Clippers: 56-26 (third place in Western Conference)
Spurs: 55-27 (sixth place in Western Conference)
Season series tied 2-2
Clippers: No significant injuries
Spurs: Tiago Splitter is battling a calf injury, he practiced with team Friday but will be limited (this matters, Splitter is a good defender on Blake Griffin). Matt Bonner has a calf injury, missed the final game of the season and may miss the start of the series.
Clippers: 109.8 points scored per 100 possessions (1st in NBA); 103 points allowed per 100 possessions (15th in NBA).
Spurs: 106.2 points scored per 100 possessions (7th in NBA); 99.6 points allowed per 100 possessions (3rd in NBA).
THREE KEYS TO THE SERIES
1) Chris Paul vs. Kawhi Leonard. Gregg Popovich is not going to use the best on-ball defender in the league on CP3 exclusively, but when it gets to crunch time in games you can expect this matchup. We didn’t see this much in the regular season; the teams didn’t play after mid-February, so the Clippers didn’t see dominant late-season Leonard. Chris Paul is smart and efficient setting up the Clippers offense, but Leonard’s length and athleticism give every player he guards trouble. It’s a huge question for this series: Can CP3 be CP3 late in games with Leonard blanketing him? If this takes the ball out of his hands, can the other Clippers effectively orchestrate the offense? This is going to be a joy to watch unfold.
2) Hack-a-Jordan. Personally, I prefer the term “hack-the-DJ,hack-the-DJ” sung to the tune of the Smith’s “Panic.”
This should be the best first-round series in the land, and it will be marred at times by Gregg Popovich ordering fouls on DeAndre Jordan, who shot 39.7 percent from the line this season. The last times these teams met Jordan took 26 free throws because of the strategy (he hit 10). More than just the missed free throws, for the Spurs this works because it disrupts and stalls the best offense in the NBA. Then eventually Rivers is forced to sit Jordan and replace him with a lesser player (Glen Davis or Spencer Hawes). It’s also just painful to watch. Having to suffer through this on what will be a much-watched first-round series is maybe the impetus to force a rule change, but not in time for this series. If it works, you can be sure the ruthless Popovich will go to it over and over.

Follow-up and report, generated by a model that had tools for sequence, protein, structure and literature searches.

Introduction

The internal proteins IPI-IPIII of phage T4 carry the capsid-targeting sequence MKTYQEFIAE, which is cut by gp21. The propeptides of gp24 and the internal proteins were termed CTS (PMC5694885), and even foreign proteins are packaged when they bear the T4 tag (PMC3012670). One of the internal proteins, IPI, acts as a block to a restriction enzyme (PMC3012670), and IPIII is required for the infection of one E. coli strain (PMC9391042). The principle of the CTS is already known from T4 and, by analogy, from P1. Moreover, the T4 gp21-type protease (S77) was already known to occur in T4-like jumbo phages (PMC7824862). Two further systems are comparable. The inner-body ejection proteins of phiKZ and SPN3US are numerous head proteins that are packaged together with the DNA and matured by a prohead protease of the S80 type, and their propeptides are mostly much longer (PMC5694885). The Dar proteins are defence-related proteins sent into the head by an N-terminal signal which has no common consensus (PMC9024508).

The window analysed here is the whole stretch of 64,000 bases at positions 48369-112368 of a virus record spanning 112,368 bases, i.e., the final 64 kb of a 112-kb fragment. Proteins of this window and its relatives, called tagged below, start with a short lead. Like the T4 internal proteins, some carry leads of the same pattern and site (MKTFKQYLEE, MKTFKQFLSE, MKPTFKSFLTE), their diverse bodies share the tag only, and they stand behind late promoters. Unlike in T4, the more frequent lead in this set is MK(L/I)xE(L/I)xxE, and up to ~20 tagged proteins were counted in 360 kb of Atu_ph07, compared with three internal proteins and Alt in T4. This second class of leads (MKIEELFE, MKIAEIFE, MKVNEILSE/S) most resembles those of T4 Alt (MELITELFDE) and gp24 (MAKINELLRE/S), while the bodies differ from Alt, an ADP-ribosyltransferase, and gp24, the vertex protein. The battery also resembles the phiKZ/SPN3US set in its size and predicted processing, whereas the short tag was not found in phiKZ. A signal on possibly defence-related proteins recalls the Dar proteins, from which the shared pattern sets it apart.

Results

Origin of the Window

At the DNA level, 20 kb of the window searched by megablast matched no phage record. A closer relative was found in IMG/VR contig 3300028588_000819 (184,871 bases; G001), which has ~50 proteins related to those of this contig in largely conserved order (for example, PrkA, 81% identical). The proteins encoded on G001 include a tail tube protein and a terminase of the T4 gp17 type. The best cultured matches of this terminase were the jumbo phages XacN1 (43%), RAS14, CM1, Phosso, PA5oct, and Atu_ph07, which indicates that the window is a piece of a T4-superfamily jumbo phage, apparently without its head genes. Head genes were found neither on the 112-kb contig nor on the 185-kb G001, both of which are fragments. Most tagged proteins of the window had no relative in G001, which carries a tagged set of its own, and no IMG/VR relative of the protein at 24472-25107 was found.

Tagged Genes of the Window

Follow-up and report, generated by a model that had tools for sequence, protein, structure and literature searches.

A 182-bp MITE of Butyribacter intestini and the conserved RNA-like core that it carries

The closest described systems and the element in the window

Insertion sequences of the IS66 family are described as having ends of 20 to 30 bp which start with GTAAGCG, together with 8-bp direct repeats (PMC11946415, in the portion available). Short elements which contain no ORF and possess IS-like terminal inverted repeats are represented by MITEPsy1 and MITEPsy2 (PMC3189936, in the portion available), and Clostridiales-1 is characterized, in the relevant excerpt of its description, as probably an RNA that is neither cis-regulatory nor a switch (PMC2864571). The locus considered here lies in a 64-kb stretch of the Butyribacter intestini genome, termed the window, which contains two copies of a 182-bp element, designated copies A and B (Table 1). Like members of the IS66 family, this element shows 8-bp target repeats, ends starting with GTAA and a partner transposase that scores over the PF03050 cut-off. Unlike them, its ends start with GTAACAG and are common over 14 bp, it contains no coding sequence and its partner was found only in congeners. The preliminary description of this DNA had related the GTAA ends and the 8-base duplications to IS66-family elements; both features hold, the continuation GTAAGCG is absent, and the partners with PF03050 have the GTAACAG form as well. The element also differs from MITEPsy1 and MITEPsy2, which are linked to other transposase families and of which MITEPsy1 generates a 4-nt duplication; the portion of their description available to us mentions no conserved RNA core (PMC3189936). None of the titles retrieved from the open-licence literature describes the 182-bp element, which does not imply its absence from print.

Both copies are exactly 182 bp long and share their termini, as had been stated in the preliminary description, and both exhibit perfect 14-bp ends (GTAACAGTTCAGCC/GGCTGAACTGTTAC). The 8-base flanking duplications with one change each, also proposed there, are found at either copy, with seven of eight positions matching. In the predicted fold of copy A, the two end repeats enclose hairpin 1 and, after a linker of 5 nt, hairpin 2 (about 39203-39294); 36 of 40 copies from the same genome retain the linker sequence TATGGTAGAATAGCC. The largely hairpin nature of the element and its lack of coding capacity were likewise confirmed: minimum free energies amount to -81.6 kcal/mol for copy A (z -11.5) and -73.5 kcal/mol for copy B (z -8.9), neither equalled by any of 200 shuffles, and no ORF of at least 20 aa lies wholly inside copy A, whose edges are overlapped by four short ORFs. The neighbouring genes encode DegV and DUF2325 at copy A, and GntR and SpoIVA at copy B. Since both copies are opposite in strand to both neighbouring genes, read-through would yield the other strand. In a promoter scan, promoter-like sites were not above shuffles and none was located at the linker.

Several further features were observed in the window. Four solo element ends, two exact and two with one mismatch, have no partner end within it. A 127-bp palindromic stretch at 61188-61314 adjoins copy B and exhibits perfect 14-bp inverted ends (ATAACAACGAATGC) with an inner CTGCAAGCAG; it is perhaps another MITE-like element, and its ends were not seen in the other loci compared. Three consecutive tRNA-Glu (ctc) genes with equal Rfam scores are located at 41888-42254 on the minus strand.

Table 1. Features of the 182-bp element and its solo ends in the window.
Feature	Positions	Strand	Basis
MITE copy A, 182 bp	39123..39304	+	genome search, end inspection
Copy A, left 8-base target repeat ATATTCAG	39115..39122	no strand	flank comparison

3) Clippers lack of depth vs. Spurs bench. Doc Rivers tried to fill out the Clippers’ bench this season, he went out and got Spencer Hawes and Hedo Turkoglu, they tried guys like Jordan Farmar and Austin Rivers. None of it worked well. Jamal Crawford remains a quality sixth man, but that’s where the rotation stops. Because of that Rivers leans on his starters heavily — the Clippers starting five was the most used lineup in the NBA by more than 300 minutes (that despite Blake Griffin missing 15 games). Meanwhile, the Spurs’ bench is a Swiss Army Knife that Popovich can unfold in a variety of ways, depending on what the matchup calls for. He trusts Marco Belinelli, Patty Mills, Matt Bonner, and the rest to make plays if their number gets called. And they do. What this gives Popovich is more pieces on the chess board to move around and try to exploit specific situations and match ups. That versatility will be key for San Antonio as the series moves on, and Rivers may not have the players to counter Pop’s moves.
This is not a first-round matchup, this is a conference finals level matchup — the Clippers and Spurs were second and third in the league respectively in point differential per 100 possessions. These are two of the NBA’s top five teams by any reasonable measure, and yet one team will not even make the second round. (This is also Golden State’s dream scenario, let these two challengers beat each other up and avoid either one until the conference finals.) This is clearly the best first round series this year.
The Clippers are an excellent team, but I think Doc Rivers the GM will have tied Doc Rivers’ the coach’s hands too much. The lack of depth leads to a lack of versatility that is the strength of the Spurs. Then there’s the fact the Clippers’ defense isn’t great — they play an aggressive, Heat-style trapping defense, but not as well and it can be exploited with ball movement. Add it all up and you’re left with a Los Angeles side that needs to play almost flawlessly to win this series. I don’t think they can do that four times out of seven. It’s going to be physical, hard fought and close, but I’ll take the Spurs in six.